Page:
Synopses & Reviews
This text and professional resource offers an alternative approach to thinking about and working with “difficult” families. From a nonpathologizing stance, William C. Madsen demonstrates creative ways to help family members shift their relationship to longstanding problems; envision desired lives; and develop more proactive coping strategies. Anyone working with families in crisis, especially in settings where time and resources are scarce, will gain valuable insights and tools from this book.
About the Author
William C. Madsen, PhD, is the Director of the Training Program in Collaborative and Narrative Therapies at the Family Institute of Cambridge and the Director of the Family-Centered Services Project, an organizational change initiative dedicated to helping state organizations and community agencies develop more respectful and responsive ways of interacting with clients and families. Over the past 25 years, he has developed and administered many innovative programs, and currently provides training and consultation regarding collaborative approaches to therapy and the development of institutional cultures that support family-centered work.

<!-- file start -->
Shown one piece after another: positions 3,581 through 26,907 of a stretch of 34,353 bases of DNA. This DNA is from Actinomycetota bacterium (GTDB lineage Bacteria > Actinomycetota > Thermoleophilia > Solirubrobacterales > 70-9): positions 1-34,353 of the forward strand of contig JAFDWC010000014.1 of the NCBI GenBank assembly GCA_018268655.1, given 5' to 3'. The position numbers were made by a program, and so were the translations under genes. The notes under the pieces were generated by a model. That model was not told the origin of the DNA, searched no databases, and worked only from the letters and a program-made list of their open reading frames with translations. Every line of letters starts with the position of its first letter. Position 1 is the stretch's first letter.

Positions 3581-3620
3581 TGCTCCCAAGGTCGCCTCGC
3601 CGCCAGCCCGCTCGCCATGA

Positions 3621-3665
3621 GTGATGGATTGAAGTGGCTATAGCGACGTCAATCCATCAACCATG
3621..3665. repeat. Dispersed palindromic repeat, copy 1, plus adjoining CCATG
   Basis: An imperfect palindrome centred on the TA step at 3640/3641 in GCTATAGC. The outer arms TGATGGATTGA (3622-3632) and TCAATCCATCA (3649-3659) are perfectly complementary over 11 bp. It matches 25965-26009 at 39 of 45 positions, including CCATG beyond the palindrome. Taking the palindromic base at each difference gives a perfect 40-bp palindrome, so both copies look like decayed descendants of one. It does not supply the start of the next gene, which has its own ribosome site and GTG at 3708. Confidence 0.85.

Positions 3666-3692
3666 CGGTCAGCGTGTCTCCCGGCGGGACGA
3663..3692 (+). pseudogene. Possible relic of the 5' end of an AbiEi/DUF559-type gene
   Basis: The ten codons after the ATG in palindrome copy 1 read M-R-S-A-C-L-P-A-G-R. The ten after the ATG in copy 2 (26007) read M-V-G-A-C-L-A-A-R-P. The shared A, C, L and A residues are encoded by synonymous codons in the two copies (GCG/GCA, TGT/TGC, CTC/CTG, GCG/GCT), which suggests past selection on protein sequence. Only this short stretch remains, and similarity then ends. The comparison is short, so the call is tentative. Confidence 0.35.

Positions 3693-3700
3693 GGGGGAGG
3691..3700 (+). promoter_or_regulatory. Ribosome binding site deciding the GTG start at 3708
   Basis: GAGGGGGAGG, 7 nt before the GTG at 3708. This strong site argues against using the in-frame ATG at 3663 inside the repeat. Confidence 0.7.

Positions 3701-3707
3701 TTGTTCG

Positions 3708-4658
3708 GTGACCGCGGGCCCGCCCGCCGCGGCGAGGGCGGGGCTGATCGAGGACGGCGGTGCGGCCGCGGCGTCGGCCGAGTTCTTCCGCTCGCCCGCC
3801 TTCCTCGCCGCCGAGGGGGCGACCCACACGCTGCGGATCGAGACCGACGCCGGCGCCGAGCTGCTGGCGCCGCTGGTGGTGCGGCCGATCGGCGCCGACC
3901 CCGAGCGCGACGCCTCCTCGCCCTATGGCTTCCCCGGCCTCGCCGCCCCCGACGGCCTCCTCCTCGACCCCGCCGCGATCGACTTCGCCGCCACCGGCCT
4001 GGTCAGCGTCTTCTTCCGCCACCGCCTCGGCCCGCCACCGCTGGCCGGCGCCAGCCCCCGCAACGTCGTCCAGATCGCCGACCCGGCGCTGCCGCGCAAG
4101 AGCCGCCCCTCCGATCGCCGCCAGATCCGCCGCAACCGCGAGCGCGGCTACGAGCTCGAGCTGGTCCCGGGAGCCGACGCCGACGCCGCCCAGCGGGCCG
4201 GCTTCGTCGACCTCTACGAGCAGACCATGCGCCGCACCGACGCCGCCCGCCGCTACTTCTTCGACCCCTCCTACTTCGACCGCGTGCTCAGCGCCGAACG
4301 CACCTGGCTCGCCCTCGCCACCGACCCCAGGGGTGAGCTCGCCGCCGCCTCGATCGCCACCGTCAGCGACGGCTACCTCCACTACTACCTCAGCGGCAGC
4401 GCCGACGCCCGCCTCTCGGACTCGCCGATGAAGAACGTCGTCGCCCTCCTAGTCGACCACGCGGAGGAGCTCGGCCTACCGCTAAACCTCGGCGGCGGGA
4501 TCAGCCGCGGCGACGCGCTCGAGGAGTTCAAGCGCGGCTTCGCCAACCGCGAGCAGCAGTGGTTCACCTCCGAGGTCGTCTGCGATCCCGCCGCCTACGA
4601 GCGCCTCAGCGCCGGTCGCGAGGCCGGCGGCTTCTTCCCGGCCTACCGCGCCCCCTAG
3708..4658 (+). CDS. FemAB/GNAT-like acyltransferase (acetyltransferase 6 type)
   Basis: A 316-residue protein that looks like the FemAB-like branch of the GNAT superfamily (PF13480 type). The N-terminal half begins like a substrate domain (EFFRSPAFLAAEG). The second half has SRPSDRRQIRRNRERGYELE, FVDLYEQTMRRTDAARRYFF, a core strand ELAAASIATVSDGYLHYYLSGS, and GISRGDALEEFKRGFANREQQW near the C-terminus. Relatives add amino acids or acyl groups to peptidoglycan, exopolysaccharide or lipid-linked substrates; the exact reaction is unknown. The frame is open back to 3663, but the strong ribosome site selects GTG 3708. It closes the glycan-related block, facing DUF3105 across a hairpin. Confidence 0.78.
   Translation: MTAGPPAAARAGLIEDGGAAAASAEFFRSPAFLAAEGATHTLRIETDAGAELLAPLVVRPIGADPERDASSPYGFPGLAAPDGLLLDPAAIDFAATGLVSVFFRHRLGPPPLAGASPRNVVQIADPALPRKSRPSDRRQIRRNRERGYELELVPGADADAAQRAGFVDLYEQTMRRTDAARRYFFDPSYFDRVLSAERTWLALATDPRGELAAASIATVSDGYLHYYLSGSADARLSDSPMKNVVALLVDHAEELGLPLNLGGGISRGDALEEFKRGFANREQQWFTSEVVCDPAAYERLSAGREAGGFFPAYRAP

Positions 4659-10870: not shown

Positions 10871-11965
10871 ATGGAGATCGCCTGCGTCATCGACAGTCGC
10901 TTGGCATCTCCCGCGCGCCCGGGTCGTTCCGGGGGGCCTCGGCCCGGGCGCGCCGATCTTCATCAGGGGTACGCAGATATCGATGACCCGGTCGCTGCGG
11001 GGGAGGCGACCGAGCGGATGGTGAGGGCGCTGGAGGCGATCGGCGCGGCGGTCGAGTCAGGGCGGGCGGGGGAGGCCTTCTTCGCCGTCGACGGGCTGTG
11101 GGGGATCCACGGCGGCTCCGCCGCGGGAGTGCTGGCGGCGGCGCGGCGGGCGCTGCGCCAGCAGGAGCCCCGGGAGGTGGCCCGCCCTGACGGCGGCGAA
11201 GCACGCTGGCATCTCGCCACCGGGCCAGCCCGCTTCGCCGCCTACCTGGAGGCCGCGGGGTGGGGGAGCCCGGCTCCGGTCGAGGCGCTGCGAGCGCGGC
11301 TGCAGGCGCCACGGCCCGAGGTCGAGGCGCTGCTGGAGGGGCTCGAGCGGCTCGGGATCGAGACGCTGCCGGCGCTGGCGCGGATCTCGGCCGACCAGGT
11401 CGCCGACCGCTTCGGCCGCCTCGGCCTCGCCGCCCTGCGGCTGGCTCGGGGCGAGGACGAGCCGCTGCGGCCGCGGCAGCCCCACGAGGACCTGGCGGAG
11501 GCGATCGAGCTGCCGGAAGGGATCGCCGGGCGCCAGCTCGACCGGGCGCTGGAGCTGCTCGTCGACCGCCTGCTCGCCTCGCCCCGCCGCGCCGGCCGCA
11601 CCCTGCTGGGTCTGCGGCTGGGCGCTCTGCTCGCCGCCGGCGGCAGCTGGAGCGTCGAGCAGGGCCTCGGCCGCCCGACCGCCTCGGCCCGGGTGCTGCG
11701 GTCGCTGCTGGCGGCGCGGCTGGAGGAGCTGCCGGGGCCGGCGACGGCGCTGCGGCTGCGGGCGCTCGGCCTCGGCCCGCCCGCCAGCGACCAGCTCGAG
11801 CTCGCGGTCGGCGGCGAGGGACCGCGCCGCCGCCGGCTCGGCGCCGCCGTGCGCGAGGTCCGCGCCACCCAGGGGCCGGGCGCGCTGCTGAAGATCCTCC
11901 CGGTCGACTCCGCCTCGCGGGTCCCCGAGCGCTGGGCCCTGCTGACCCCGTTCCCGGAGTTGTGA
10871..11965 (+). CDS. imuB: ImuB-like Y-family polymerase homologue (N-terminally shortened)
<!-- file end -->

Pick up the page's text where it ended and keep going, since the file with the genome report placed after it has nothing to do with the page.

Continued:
Table of Contents
Introduction: Reflective Practice in Frenzied Times
1. Working with Multi-Stressed Families: Recognizing the Importance of Relational Stance
2. What We See Is What We Get: Reexamining Our Assessment Process
3. Collaboration Is a Two-Way Street: Engaging Reluctant Families
4. Developing a Proactive Vision to Guide Clinical Work: Collaborative Therapy Contracts
5. Collaborative Inquiry: An Anthropological Approach to "Intervening" with Families
6. Examining the Relationship between Clients and the Problems in Their Lives
7. Helping Clients Shift Their Relationship to Problems and Develop Preferred Lives
8. Developing Communities to Support New Lives
9. Solidifying New Lives through Therapeutic Documents
10. Sustaining a Collaborative Practice in the "Real" World
Appendices: A. One Example of a Strength-Based Assessment Outline. B. Questions to Assess Externalized Problems Rather Than Families. C. Considerations in Collaborative Therapy Contracts. D. An Interview Outline to Consolidate Alternative Stories. E. Coauthoring Termination/Consolidation Summaries with Clients.